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...or does it not matter?

And if there is a minimum level of education, what should it be?

For example, in the current US Presidential elections, Obama and Biden both have a first degree plus a law qualification (Biden's from a less prestigious university), while Palin has just a first degree at a considerably lesser university and McCain didn't go to university (he went to the Naval Academy instead). Does this matter?

Is there any correlation between educational qualifications and qualities and effectiveness as a political leader?

For example, Churchill never went to university. Gordon Brown has a PhD, and started university when he was only 16.

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( 6 comments — Leave a comment )
(Deleted comment)
philmophlegm
Oct. 7th, 2008 03:38 pm (UTC)
You make a good point. The French approach until very recently was to believe that these skills can be taught. An astonishingly high percentage of senior French politicians attended the École nationale d'administration founded by De Gaulle. This despite the fact that only 90 students graduate each year. Sarkozy did not attend and has made a conscious effort to remove the enarques' stranglehold on power.

Even in this country, very few politicians seem to have held down what I would call a 'proper job'. Is it good for politicians to have lived in the real world and had a proper job outside of politics, academia and the public sector? I'd say yes.
wellinghall
Oct. 8th, 2008 10:00 am (UTC)
Is it good for politicians to have lived in the real world and had a proper job outside of politics, academia and the public sector?

I'd say yes, too; but is there any evidence that they do a better job?
philmophlegm
Oct. 7th, 2008 03:30 pm (UTC)
This was prompted by something I saw online suggesting that Sarah Palin was not qualified to be Vice-president, because she was "less educated than even George W. Bush". Since George W. Bush has a first degree from the joint second-best university in the world and a Masters (an MBA no less) from the best university in the world*, then that's a pretty high minimum entry requirement.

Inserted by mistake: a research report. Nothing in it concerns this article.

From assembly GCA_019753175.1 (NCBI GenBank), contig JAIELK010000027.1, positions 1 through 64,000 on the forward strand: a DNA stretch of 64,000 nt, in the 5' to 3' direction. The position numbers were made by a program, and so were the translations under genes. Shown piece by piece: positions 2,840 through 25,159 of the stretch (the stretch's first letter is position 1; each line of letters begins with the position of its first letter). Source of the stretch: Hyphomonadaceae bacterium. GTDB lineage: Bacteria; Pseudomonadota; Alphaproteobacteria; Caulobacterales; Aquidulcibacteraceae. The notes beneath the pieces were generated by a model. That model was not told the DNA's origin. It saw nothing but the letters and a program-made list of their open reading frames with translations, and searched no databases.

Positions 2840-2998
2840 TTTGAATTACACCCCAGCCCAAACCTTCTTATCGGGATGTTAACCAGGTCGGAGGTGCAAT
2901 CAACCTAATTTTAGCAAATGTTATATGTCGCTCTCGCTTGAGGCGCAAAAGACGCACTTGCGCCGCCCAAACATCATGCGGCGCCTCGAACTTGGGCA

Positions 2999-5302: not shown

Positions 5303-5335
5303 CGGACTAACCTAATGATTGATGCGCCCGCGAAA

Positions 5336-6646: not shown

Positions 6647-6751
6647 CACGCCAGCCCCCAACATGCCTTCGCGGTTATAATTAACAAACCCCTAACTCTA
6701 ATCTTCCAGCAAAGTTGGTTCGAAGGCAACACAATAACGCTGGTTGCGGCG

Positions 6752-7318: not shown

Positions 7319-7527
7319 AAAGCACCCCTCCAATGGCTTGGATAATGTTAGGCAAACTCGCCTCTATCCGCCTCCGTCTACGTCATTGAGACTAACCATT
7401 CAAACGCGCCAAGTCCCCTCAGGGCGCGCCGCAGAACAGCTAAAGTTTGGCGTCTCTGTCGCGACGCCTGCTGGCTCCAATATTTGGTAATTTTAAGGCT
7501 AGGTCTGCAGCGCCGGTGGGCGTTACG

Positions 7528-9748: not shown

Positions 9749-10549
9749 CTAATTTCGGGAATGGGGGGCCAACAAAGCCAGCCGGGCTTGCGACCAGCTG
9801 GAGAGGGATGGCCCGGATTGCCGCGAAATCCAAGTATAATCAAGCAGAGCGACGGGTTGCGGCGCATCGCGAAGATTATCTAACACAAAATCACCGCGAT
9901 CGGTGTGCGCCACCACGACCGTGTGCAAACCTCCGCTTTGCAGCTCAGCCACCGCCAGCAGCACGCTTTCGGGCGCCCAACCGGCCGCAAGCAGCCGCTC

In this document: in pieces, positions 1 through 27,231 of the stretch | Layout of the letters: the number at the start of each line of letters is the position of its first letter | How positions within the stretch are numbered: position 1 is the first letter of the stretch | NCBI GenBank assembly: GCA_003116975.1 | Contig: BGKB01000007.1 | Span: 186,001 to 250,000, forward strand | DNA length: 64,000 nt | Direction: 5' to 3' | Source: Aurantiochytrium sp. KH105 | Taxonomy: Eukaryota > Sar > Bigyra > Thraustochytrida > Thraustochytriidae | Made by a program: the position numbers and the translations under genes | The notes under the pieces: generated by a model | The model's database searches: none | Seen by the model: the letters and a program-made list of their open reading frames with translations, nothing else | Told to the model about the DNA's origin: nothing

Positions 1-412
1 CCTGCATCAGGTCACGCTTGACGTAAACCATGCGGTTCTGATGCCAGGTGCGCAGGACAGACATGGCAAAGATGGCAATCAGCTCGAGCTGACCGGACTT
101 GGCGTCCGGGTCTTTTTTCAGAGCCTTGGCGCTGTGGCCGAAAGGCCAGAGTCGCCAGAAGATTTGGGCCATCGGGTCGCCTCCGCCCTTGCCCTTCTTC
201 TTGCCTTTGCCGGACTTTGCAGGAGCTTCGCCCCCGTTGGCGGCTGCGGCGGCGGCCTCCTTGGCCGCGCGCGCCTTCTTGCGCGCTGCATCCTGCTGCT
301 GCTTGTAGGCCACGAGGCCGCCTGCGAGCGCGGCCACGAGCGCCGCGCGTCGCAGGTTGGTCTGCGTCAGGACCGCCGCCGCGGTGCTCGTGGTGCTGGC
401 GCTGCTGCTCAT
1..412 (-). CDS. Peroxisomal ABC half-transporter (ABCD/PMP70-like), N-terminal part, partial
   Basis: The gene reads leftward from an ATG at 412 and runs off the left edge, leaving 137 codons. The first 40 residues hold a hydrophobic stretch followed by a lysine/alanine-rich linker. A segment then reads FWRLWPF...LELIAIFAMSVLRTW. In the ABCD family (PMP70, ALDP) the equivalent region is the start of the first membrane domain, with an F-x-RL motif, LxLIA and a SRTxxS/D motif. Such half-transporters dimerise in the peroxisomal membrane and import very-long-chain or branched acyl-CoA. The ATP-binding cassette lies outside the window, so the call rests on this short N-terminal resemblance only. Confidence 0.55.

* According to the survey in The Times Higher Education Supplement.
louisedennis
Oct. 7th, 2008 04:01 pm (UTC)
I don't know about a minimum level of education but it would be lovely to think there was some useful qualification you could insist they have.

I can't think of a single way of introducing one, though, that wouldn't end in a horrible mess of unintended consequences and wouldn't at some level involve excluding people from disadvantaged backgrounds.
bunn
Oct. 7th, 2008 04:05 pm (UTC)
I don't see much correlation between education and managerial skill, or education and common sense. Though I suppose that requiring a certain level of education would rule out really stupid people, surely the scrutiny and public criticism part of the selection process would do that anyway?

It's like the difference between exams and interviews. Talking to people is a better measure than how many ticky boxes they managed to fill, but you can't talk to 6 million of them, so you use the ticky boxes as a rather coarse and inaccurate first level filter.
( 6 comments — Leave a comment )